Only available to students registered for BSc in Wildlife Conservation and BSc Human Ecology.
OverviewThe aim of the module is to link theory and practice in wildlife conservation. A number of practical conservation problems will be used to introduce key theoretical concepts that underlie modern biodiversity management. Particular emphasis will be placed on the challenges of collecting and analyzing data for understanding threats, establishing conservation priorities (at the species and habitat levels) and informed decision-making. Students will develop an understanding of the practical skills and scientific principles that underlie conservation management goals and plans at different geographical and temporal scales.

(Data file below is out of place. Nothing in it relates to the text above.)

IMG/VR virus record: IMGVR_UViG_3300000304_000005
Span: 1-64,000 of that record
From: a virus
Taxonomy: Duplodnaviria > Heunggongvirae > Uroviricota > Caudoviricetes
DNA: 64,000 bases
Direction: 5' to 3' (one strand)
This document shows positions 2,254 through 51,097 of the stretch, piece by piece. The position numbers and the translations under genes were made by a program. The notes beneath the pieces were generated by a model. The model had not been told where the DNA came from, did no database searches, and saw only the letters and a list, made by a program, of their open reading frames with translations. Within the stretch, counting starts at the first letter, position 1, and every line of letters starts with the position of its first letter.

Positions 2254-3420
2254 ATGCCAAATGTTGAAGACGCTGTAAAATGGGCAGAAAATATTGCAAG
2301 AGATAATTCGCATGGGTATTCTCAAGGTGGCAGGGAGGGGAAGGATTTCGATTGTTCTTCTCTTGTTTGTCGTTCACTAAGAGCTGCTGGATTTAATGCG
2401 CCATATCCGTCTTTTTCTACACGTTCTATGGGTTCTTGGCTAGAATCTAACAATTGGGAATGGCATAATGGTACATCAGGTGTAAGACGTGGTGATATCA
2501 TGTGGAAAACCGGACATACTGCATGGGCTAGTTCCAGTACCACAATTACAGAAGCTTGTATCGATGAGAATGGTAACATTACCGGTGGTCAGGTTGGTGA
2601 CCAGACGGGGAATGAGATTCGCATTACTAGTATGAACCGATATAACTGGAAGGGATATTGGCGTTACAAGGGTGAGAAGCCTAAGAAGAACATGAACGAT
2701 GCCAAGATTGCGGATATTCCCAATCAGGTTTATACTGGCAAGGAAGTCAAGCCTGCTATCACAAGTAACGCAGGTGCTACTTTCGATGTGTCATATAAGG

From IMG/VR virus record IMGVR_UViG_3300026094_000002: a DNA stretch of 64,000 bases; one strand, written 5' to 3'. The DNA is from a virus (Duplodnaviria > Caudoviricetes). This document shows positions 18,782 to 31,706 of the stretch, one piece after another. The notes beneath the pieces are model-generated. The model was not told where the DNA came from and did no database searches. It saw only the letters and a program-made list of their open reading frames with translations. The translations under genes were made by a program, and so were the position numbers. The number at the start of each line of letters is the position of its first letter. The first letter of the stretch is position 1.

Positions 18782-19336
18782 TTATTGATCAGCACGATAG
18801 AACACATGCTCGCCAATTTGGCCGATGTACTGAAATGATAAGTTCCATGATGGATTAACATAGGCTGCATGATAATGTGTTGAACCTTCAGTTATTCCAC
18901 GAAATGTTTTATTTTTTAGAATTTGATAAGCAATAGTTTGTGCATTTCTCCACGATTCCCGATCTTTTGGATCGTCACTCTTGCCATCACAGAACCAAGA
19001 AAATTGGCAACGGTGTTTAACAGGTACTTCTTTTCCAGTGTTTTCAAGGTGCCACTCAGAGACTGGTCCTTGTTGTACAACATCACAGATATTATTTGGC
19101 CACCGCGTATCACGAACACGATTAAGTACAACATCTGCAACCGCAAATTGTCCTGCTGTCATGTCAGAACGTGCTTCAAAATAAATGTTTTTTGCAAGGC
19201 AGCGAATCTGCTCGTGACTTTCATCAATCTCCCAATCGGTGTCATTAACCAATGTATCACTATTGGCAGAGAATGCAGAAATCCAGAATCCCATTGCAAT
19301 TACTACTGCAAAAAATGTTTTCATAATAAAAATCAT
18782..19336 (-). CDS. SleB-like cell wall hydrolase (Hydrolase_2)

Schedule: 11 hours; one lecture per week for 11 weeks
Practical laboratory sessions
Schedule: 7 hours; 1 three hour and two 2 hour lab sessions.
Schedule: 6 hours; one field trip to an internationally important nature reserve.
BSc in Wildlife Conservation
Method of assessment
50% Coursework, 50% Written Examination
Begon, M., Townsend, C.R. and Harper, J.L. (2005) Ecology: From Individuals to Ecosystems. 4th Ed. Blackwells.
Buckland, S., Anderson, D., Burnham, K. and Laake, J. (1993) Distance Sampling: Estimating Abundance of Biological Populations. Chapman & Hall, New York.
Ricklefs, R.E. (1990) Ecology 3rd Edn. W.H. Freeman & Co.
Wilson, E.O. (1992) The Diversity of Life. Harvard: Belknap Press of Harvard University Press.
Understanding of human impacts on species and how multidisciplinary research can help to develop effective strategies that practically address conservation problems
Introduction to the ecological, population and genetic theory underlying conservation management
Practical training in the assessment of priorities in conservation
Practical training in how to conduct a wildlife census in a protected area
Practical training in how to analyse and critically evaluate census data for protected area management